Ann Holder, First Florida Freestylers Guild
I am the first to admit that in my early freestyle days, the idea of creating an improv absolutely terrified me. Getting up in front of a class with a beginner dog had me shaking in my shoes. I had no confidence or trust in my dog’s ability to be a partner and no trust in my ability to be creative. I was fortunate to be a student of Joan Tennille and Elaine Nabors. As our training classes progressed, they guided and encouraged me to try the impossible. The class time was a safe place to experiment and they always found something of value in our work. I gradually discovered that improvs were a wonderful way to uncover new movements and ideas. When I began teaching freestyle classes, I knew I had to incorporate improvs as a means to help my students grow in understanding how to use the concepts.
In a beginner class, the concepts are a lot of words that the students do not really understand. It is only through using the concepts that they begin to experience how they become tools for expression of movement artistically. The other critical value of improvs is in the discussion that follows each presentation. If the instructor only critiques the improv as good, terrific, or so-so, there is no information gained. The improv must be discussed in terms of how it was used to express the concept and the intent and how it solved the problem. Improvs must have a structure—a beginning, a middle end and should be short but solve the problem. An improv that ends too soon or runs on and on makes it difficult for the spectators to understand what the team is saying.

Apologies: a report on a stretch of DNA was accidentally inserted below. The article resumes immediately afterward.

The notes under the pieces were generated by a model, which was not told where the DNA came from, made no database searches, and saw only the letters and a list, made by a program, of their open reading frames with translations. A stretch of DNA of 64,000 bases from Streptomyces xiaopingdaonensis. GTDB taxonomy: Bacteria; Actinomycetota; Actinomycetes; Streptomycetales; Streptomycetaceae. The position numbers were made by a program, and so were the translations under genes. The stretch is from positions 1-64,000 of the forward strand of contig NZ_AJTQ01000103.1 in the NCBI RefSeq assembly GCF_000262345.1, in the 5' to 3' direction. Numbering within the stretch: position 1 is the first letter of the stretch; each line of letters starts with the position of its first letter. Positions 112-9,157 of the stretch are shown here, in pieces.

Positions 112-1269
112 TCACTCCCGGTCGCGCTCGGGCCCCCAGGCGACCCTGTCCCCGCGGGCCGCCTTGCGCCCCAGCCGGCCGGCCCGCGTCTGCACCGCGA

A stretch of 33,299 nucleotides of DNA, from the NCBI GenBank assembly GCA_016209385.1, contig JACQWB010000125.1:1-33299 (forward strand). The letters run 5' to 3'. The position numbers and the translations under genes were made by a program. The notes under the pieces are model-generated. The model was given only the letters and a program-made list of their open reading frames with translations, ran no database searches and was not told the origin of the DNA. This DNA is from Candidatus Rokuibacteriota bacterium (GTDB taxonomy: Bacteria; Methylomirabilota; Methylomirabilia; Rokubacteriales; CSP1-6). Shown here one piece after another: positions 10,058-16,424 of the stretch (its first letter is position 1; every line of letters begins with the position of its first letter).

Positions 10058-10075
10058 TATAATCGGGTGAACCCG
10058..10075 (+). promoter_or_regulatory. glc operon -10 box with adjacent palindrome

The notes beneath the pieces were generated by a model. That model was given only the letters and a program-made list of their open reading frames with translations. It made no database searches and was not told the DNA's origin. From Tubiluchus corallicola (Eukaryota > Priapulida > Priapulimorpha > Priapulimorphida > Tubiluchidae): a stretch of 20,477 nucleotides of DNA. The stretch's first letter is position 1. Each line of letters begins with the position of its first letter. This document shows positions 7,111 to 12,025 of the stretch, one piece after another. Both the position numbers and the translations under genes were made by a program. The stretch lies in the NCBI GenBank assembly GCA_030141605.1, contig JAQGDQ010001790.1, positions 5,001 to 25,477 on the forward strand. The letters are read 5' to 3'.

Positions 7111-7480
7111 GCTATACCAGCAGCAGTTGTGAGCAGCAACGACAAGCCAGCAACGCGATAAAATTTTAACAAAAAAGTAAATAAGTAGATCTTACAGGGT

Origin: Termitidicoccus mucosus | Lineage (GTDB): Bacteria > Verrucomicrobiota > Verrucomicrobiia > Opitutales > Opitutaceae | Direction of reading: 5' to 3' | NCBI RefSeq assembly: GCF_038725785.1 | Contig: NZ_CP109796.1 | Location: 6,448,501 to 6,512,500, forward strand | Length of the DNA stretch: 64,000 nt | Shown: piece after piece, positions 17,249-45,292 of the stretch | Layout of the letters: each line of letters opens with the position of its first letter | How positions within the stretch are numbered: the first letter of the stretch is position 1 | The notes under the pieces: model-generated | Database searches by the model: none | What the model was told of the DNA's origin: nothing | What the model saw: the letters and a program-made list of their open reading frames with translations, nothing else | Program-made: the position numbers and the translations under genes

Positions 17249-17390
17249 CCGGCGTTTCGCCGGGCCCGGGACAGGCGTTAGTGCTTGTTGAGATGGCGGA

All my classes have an improv as the creative part of the lesson. For the beginners I stay with the novice level concepts and use an intent from the definition along with the requirement that they show the dog to its best advantage. I expect them to use the novice level training skills and the strengths of the performance space because these aspects must become ingrained in their thinking. For example, I might use the concept that there are two kinds of lines and ask them to show me a happy dog (joy). That may sound too simple but these are teams in the making and wanting to work together is critical for success. This is how trust and work ethic is built in a team. If you cannot show me a happy dog, there are big problems in the relationship that must be solved before the team can progress.
I never have to coerce my students into participating. They all want to go first because if someone else uses your idea, you must come up with a new one. No one can copy what another team has done. Sometimes I use music but most of the time I don’t. At the beginner level, each team is working on developing their team BPM so it is an opportunity to use your team rhythm and gives me an opportunity to watch each team individually. As each team grows in trust, the improvs become easier and generate new movements.
Joan Tennille has suggested that we video each improv with that person’s phone camera so they can see themselves and save the good material that happens. I think this is an excellent idea and will start doing it when classes begin again in the New Year. I would encourage instructors and freestyle students to make improvs a regular part of every class. If you do not attend a class and are training individually, just choose a concept and an intent and see what develops with your dog.